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Corporate Officer Can Be Personally Liable for Copyright Infringement

Blue Nile logo

In Blue Nile v. Ideal Diamond Solutions, the U.S. District Court for the Western District of Washington held that co-defendant Larry Chasin, founder and an officer of defendant IDS, was personally liable for infringement of plaintiff Blue Nile’s copyrighted images, even though Chasin claimed he had no role in putting infringing images on websites and he did not know the images were infringing.

Blue Nile is an online jewelry and diamond retailer. Chasin founded and operated IDS to create websites for brick-and-mortar jewelers to help them compete online. The websites included some of Blue Nile’s copyrighted images.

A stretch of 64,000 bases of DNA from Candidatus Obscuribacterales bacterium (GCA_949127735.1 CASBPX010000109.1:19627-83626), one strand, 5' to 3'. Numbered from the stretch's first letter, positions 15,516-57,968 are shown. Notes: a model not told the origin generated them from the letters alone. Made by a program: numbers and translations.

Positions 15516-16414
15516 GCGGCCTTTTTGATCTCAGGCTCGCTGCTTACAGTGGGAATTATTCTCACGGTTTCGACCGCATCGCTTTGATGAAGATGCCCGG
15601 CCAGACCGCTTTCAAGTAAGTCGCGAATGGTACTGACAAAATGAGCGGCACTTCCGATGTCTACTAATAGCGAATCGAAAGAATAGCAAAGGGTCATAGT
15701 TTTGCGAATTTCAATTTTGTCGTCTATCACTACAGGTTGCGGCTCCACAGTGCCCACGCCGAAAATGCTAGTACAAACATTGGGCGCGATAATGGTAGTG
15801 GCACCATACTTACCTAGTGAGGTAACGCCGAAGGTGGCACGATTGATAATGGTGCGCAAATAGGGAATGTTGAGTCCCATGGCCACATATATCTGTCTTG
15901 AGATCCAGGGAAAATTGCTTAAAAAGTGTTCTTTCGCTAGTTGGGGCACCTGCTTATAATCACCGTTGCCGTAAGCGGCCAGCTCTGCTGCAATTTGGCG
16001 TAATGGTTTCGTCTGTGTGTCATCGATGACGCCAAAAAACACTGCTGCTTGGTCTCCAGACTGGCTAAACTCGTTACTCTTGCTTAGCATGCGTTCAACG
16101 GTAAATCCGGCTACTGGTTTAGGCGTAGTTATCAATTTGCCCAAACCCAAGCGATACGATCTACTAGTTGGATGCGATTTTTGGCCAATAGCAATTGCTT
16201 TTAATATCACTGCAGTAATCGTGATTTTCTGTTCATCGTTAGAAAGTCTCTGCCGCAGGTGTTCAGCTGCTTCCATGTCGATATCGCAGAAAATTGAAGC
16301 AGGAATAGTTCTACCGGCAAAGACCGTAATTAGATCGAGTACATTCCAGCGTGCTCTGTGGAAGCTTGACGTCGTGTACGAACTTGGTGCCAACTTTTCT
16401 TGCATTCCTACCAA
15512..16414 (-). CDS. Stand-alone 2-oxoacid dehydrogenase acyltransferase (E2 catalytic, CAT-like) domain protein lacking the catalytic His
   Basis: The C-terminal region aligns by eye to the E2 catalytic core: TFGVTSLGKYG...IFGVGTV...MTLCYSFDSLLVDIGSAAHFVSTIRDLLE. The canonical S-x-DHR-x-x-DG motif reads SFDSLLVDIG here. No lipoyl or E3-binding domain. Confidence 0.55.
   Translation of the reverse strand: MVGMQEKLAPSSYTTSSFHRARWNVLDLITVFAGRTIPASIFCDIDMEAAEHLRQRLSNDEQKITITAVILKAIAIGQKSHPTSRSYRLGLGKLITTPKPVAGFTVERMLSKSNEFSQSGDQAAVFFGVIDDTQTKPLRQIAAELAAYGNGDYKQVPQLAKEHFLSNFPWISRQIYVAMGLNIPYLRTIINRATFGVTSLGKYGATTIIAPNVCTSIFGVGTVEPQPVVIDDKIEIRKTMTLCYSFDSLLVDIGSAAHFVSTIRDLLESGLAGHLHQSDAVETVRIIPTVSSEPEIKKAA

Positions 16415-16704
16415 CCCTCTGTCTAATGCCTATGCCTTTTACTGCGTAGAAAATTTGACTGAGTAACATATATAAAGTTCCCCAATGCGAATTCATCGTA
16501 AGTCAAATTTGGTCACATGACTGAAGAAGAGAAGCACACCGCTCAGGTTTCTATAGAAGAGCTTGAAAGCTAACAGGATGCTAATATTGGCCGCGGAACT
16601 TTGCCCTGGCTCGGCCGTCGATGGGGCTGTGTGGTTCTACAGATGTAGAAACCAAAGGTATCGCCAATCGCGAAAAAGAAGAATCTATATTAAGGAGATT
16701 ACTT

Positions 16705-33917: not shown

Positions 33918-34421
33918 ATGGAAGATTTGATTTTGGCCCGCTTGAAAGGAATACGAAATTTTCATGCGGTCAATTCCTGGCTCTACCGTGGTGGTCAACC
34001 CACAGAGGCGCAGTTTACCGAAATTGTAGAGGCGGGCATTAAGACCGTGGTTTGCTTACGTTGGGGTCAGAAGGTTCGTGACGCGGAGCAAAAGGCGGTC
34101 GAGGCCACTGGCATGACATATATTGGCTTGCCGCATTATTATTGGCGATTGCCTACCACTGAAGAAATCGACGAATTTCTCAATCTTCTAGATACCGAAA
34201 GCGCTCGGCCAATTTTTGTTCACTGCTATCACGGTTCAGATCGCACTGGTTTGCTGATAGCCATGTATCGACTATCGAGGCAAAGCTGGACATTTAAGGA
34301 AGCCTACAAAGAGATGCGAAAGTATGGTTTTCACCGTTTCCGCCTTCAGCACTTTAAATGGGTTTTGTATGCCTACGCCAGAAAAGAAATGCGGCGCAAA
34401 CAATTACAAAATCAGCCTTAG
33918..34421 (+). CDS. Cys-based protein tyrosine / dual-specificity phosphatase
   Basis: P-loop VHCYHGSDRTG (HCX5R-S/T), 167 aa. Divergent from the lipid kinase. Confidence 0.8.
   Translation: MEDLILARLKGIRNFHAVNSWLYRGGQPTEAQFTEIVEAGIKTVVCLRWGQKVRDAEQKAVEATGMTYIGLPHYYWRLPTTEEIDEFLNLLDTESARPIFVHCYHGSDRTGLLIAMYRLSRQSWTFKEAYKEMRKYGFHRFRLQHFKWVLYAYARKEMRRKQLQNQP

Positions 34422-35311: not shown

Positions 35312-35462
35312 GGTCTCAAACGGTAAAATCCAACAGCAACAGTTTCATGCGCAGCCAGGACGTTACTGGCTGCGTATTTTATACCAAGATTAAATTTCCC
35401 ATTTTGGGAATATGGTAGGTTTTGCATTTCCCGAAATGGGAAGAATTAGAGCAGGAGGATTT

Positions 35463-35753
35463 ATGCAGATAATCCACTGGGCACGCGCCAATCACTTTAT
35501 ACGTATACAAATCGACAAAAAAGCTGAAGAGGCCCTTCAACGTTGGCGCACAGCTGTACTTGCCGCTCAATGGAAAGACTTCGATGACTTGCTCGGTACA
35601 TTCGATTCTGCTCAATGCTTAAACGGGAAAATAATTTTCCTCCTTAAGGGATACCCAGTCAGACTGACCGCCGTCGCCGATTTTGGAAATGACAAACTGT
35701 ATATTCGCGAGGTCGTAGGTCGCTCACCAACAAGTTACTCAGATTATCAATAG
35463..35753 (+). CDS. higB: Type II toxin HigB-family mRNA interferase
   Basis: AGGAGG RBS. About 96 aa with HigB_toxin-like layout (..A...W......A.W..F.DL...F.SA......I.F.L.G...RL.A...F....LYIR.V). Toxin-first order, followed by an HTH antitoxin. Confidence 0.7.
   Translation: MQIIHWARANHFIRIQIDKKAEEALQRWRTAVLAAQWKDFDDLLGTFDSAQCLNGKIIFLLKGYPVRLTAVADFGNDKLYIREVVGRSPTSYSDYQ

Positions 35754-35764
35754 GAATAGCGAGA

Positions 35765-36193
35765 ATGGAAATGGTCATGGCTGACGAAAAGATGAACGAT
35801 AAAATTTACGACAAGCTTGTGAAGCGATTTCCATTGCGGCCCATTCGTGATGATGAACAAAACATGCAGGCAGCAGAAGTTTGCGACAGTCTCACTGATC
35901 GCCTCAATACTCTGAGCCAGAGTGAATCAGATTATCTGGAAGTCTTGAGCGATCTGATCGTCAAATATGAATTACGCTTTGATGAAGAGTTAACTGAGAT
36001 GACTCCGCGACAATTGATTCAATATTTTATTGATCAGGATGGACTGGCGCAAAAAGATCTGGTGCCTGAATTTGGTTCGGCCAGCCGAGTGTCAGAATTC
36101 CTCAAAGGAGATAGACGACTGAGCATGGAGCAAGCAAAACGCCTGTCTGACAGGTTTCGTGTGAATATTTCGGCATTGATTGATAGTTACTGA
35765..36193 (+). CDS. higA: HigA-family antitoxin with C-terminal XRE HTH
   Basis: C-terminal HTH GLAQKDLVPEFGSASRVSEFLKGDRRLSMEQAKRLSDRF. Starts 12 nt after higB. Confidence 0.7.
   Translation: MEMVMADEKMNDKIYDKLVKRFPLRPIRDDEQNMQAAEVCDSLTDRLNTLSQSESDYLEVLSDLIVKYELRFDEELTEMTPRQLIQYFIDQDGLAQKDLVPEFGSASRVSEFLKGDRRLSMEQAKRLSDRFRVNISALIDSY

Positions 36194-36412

The court held that Chasin was personally liable for copyright infringement because:

  • Copyright infringement is a strict liability tort – there is no corporate protection, there is no need to prove knowledge or intent, and all individuals who participate are jointly and severally liable.
  • Alternatively, Chasin was vicariously liable because he controlled IDS and the websites and benefited financially from the infringing activity.

Bottom line: Don’t assume that forming a corporation will protect you against al personal liability.

Check out all posts about copyright infringement.

Dana H. Shultz, Attorney at Law  +1 510 547-0545  dana [at] danashultz [dot] com
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